The poem is described by the British Library, which holds a 15th-century copy of the manuscript, as “a humorous and at times philosophical exploration of the idea of love.”

The story of Antarah ibn Shaddad, the warrior poet of pre-Islamic Arabia, is an epic tale whose origins are, if anything, even less certain than those of the Valentine’s Day with which it has become incongruously entwined.

The generally accepted version of Antarah’s life is that he was born in the Nejd in about AD 525 (some 250 years after the execution of Valentine), the son of Shaddad Al-Absi, an Arab warrior of the Banu Abs tribe, and Zabibah, an Ethiopian slave. Dark-skinned like his mother, Antarah was regarded by his community and his family, including his father, as himself no better than a slave. As a young man he set out to prove his valor and win his freedom through his legendary exploits in battle.

Although it is the immortal love story of “Antar and Abla” that has endured the passage of over 1,400 years, finding its way into the Saudi high school curriculum and the expressions of affection voiced by young lovers today, there is vastly more to the story of the warrior poet than a simple tale of unrequited love for one of his cousins.

Ibn Shaddad is considered to be the author of one of the seven famed poems compiled in the 8th century as Al-Mu’allaqat, “the hanged poems,” a collection of the best pre-Islamic poetry said by legend to have been inscribed in gold letters on linen and hung on the walls of the Kaaba in Makkah.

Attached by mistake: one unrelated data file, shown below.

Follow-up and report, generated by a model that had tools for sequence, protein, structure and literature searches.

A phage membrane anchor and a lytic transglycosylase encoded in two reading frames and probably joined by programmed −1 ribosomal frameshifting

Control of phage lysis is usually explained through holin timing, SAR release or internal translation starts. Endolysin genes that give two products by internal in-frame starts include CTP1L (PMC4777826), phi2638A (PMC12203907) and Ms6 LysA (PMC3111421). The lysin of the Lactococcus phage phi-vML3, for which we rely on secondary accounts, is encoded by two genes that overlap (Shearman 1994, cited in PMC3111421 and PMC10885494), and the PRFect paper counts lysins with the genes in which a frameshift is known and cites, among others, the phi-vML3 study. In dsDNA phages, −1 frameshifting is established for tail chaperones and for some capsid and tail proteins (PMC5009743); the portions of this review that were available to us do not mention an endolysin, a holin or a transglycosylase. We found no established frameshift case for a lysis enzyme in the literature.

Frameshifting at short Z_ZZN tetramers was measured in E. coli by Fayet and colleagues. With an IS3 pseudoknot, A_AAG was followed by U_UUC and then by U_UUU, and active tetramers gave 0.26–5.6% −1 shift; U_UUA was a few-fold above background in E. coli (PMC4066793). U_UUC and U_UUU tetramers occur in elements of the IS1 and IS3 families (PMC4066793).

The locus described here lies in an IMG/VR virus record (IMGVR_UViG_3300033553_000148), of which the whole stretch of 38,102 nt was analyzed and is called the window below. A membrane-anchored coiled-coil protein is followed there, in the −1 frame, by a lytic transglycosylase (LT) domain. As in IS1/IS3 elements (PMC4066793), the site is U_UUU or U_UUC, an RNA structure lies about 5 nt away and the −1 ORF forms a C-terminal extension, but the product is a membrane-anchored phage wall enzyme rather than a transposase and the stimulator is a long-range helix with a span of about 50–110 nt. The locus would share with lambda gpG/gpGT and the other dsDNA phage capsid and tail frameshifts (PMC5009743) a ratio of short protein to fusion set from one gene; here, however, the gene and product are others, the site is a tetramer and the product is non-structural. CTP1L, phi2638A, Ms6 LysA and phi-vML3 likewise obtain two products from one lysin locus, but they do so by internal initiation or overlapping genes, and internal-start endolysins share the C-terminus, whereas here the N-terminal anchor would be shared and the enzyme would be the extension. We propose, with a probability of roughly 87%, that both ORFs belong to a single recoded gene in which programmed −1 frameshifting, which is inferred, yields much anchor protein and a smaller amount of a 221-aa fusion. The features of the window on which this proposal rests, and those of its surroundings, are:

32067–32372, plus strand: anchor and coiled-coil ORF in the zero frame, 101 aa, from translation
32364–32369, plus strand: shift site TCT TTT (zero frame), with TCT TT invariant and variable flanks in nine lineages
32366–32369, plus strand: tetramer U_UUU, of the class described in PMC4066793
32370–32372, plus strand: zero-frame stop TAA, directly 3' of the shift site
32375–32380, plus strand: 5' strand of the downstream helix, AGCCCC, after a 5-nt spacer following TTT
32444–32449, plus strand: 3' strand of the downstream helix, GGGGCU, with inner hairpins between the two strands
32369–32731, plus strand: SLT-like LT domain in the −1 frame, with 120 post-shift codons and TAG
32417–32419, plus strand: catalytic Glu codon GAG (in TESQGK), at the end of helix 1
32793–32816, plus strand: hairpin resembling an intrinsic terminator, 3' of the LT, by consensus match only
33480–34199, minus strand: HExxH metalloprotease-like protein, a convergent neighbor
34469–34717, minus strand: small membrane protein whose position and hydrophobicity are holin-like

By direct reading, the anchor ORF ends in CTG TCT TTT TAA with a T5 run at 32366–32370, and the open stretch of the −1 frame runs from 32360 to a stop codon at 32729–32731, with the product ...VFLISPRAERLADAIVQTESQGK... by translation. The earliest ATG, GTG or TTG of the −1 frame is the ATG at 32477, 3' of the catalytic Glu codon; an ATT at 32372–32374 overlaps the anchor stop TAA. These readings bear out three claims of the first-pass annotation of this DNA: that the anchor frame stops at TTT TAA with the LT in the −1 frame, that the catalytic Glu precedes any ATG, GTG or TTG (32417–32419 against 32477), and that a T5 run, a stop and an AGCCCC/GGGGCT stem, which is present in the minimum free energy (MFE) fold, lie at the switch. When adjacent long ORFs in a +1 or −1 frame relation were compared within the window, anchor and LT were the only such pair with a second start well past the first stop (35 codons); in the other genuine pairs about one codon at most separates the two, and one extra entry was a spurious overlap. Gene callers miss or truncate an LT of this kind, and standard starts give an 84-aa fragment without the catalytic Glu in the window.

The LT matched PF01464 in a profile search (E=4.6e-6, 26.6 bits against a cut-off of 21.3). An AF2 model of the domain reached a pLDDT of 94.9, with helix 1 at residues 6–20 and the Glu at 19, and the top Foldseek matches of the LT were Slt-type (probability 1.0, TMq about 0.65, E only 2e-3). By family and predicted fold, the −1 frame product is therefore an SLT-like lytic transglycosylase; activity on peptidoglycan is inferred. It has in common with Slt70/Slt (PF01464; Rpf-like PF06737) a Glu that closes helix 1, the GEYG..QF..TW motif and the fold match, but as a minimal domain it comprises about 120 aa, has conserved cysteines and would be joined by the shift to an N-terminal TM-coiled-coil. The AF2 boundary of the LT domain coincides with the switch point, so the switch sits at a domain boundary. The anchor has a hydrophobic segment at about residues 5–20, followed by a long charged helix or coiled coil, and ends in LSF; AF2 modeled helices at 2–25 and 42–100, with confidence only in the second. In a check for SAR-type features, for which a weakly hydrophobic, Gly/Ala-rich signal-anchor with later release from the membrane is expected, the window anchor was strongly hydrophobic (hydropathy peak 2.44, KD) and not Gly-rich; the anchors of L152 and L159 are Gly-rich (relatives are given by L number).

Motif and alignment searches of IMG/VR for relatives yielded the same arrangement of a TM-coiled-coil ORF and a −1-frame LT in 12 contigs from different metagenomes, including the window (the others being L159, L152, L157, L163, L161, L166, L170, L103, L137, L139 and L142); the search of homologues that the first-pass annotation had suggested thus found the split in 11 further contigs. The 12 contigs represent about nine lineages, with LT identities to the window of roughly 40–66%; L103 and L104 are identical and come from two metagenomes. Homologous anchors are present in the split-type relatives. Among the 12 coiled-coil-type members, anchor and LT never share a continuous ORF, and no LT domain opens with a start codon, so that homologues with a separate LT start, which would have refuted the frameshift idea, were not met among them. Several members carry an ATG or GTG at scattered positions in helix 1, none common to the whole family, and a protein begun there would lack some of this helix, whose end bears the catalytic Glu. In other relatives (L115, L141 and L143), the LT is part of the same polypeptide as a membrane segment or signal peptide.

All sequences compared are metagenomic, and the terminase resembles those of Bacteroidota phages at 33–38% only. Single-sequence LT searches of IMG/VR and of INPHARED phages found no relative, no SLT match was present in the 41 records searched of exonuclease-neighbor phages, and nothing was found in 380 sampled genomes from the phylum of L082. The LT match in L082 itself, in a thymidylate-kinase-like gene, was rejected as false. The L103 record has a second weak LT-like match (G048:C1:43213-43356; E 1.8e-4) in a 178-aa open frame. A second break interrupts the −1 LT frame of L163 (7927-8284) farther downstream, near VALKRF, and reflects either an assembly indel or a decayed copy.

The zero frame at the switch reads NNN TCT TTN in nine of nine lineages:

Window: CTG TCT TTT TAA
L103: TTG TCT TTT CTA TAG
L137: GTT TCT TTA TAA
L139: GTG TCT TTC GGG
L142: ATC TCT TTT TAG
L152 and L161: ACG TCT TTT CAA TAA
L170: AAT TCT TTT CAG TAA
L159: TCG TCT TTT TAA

Known only as “The Poem of Antar,” Ibn Shaddad’s contribution is a rich blend of longing for his love — “verily you have occupied in my heart the place of the honored loved one, so do not think otherwise than this, that you are my beloved” — and brutal testimony to his prowess as a warrior: “I pierced him with my spear, and then I set upon him with my Indian sword pure of steel, and keen.”

The bulk of the poems attributed to Ibn Shaddad are, however, overwhelmingly focused on warfare rather than on matters of the heart.

In 2018, the Library of Arabic Literature, supported by a grant from the New York University Abu Dhabi Institute, published the first translation into English of more than 40 poems attributed to Ibn Shaddad. Only some of the poems in the anthology “War Songs” mention Abla and yet, as the editor’s introduction notes, “as ‘Antar and Abla’, this story of unrequited and doomed love enchanted and captivated subsequent centuries and continues to weave its spell today.”

Regardless, the anthology is a fearsome collection that drips blood and gore. Here Ibn Shaddad is chiefly a fighter, not a lover, an outsider determined to be accepted, but on his own terms, a black warrior-poet “belligerent, defiant, brutal, uncompromising, unsettling” whose poetry “breathes a spirit of indomitability, pride, and loyalty to kith and kin.”

Wielding spear, sword and bow and arrow with deadly precision, he carves a bloody path through his people’s enemies, leading his Arab cavalry into battle with their “banners flapping like vultures’ shadows.” As he strews the remains of his opponents across the desert sands, he makes no bones about his calling:


“I am Death.

I have felled many a foe,